Some more of Trump’s fiercest allies also appeared to give credence, albeit briefly, to the electoral result. White House press secretary Kayleigh McEnany said in a cable television appearance that Trump was in strong position for a possible 2024 campaign — a roundabout acknowledgement that he won't be president come next year.
Others close to Trump also marked the looming end. His daughter and adviser Ivanka Trump began tweeted photos of moments throughout the term. His son Eric Trump and his family posed for photos just outside the Oval Office. West Wing staffers put up photos on Instagram of White House Christmas parties, and most of those pictured weren't wearing masks.
Vice President Mike Pence continued his role as Trump’s biggest hype man, even as the cheerleading came with a whiff of nostalgia. Pence in a ceremony Friday marked the first anniversary of the U.S. Space Force, which he framed as a major part of Trump’s legacy.
But with Trump largely in hiding, it fell to Pence to make a public show of meeting with those distributing the vaccine. And on Friday, he was the one who rolled up his sleeves and took a public shot in the arm as part of a campaign to convince Americans the vaccine is safe.
Trump has been happy to bask in praise throughout his presidency. His Cabinet meetings at times resembled “Dear Leader” sessions in authoritarian nations where officials gush compliments for the man in charge.
The tone was set at the president’s first Cabinet meeting, in June 2017, when the only subject for debate appeared to whether Trump was a great president or the greatest. With the media invited to watch, Trump extolled the achievements of his young administration, asserting that he had accomplished more than any president in his first six months — with “few exceptions,” like President Franklin D. Roosevelt.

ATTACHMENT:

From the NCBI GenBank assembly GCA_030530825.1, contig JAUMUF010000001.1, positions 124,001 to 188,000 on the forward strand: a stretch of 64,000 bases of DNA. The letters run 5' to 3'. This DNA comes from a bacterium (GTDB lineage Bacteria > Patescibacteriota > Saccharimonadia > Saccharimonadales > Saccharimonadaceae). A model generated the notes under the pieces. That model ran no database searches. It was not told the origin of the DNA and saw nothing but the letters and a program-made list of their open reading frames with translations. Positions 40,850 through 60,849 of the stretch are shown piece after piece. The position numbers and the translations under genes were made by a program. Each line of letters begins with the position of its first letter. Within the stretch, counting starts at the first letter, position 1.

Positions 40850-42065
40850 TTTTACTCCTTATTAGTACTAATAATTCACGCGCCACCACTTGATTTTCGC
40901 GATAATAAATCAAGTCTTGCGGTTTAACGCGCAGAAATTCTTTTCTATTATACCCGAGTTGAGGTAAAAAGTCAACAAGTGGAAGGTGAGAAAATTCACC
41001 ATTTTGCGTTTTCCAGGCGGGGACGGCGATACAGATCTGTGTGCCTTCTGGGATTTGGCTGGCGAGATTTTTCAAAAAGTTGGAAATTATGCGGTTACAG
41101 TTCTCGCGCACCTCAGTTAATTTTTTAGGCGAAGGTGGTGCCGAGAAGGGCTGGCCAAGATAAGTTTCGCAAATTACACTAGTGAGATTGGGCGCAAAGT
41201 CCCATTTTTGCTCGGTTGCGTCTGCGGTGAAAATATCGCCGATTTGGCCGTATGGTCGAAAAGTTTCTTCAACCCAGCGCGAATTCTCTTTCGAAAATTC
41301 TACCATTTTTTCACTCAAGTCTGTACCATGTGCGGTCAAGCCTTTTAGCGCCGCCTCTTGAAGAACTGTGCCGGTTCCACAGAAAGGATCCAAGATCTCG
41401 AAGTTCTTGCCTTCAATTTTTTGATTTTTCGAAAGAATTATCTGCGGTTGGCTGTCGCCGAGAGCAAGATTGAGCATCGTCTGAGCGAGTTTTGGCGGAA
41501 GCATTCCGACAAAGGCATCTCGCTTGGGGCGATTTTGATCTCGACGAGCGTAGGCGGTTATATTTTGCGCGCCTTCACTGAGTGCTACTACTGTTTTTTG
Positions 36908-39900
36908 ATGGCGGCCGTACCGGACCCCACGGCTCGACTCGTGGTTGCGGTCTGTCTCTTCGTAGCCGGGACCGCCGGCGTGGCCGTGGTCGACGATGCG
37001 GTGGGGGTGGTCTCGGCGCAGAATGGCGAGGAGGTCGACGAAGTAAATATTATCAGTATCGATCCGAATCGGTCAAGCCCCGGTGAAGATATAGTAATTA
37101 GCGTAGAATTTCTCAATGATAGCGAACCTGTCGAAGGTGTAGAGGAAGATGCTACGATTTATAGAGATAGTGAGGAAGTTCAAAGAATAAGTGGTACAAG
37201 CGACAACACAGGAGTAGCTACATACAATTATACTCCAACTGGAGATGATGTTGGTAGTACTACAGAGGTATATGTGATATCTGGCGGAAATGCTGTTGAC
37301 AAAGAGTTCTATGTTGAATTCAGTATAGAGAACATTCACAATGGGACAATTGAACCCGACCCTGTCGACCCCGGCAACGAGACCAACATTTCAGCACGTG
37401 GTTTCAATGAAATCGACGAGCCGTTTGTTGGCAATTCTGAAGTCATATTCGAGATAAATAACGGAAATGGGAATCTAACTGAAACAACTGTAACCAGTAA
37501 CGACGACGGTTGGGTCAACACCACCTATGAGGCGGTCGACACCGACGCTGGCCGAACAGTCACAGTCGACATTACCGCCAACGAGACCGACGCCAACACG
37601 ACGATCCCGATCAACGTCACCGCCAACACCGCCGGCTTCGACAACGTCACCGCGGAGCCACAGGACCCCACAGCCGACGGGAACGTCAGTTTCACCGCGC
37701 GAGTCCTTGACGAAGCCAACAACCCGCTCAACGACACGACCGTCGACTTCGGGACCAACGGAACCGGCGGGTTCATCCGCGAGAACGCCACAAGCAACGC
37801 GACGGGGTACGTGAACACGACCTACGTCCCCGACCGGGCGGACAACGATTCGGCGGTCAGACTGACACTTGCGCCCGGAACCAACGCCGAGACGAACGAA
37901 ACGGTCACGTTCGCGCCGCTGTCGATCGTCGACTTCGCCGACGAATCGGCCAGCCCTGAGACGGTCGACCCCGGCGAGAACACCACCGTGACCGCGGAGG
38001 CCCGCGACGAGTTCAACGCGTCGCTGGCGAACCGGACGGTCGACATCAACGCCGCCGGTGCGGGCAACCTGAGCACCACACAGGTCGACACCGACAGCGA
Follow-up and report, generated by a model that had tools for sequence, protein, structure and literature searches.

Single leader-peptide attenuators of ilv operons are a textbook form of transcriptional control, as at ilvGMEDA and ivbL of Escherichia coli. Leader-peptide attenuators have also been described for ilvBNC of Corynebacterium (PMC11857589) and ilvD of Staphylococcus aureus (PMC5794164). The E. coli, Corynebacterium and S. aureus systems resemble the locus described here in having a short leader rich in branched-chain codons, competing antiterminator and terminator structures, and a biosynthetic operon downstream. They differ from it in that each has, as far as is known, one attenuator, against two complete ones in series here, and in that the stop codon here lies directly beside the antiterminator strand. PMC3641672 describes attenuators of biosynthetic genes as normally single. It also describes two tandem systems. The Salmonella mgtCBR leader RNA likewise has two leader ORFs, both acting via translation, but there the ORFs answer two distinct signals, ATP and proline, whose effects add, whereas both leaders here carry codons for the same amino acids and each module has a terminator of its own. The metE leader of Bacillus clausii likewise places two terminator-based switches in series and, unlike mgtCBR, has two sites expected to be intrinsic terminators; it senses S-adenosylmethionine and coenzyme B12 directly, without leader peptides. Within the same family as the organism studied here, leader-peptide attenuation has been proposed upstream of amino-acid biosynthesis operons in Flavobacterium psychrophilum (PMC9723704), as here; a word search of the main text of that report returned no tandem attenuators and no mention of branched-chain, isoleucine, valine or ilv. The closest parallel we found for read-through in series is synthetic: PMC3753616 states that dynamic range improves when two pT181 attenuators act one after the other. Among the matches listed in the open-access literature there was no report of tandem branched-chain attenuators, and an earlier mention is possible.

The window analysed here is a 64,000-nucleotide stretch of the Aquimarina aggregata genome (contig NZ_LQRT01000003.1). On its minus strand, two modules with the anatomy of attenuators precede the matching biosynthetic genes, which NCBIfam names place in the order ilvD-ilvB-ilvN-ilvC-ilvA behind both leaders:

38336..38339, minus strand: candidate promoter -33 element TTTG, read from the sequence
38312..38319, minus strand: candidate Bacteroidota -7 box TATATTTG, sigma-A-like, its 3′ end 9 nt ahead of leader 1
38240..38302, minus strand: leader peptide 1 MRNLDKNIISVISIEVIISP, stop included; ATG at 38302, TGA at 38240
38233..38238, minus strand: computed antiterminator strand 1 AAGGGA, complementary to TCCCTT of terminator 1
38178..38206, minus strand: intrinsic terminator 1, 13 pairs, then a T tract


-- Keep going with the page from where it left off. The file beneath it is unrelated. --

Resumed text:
Pence that day declared his job was “the greatest privilege of my life.” Attorney General Jeff Sessions said he was “thrilled,” Energy Secretary Rick Perry gave his “hats off” to Trump and Commerce Secretary Wilbur Ross offered thanks "for the opportunity” to work for the president.
Perhaps the strongest words came from chief of staff Reince Priebus: “On behalf of the entire senior staff around you, Mr. President, we thank you for the opportunity and the blessing that you’ve given us to serve your agenda.”
On Wednesday, Trump convened his 25th and perhaps final Cabinet meeting. Much had changed.
Several top officials were not there, including Barr, whose resignation was pending; acting Interior Secretary David Bernhardt, who had tested positive for COVID-19; and Secretary of State Mike Pompeo, who was quarantining because he had been exposed to someone with the virus.
Whether there was effusive praise of Trump remains unknown.
The president did not let the media in.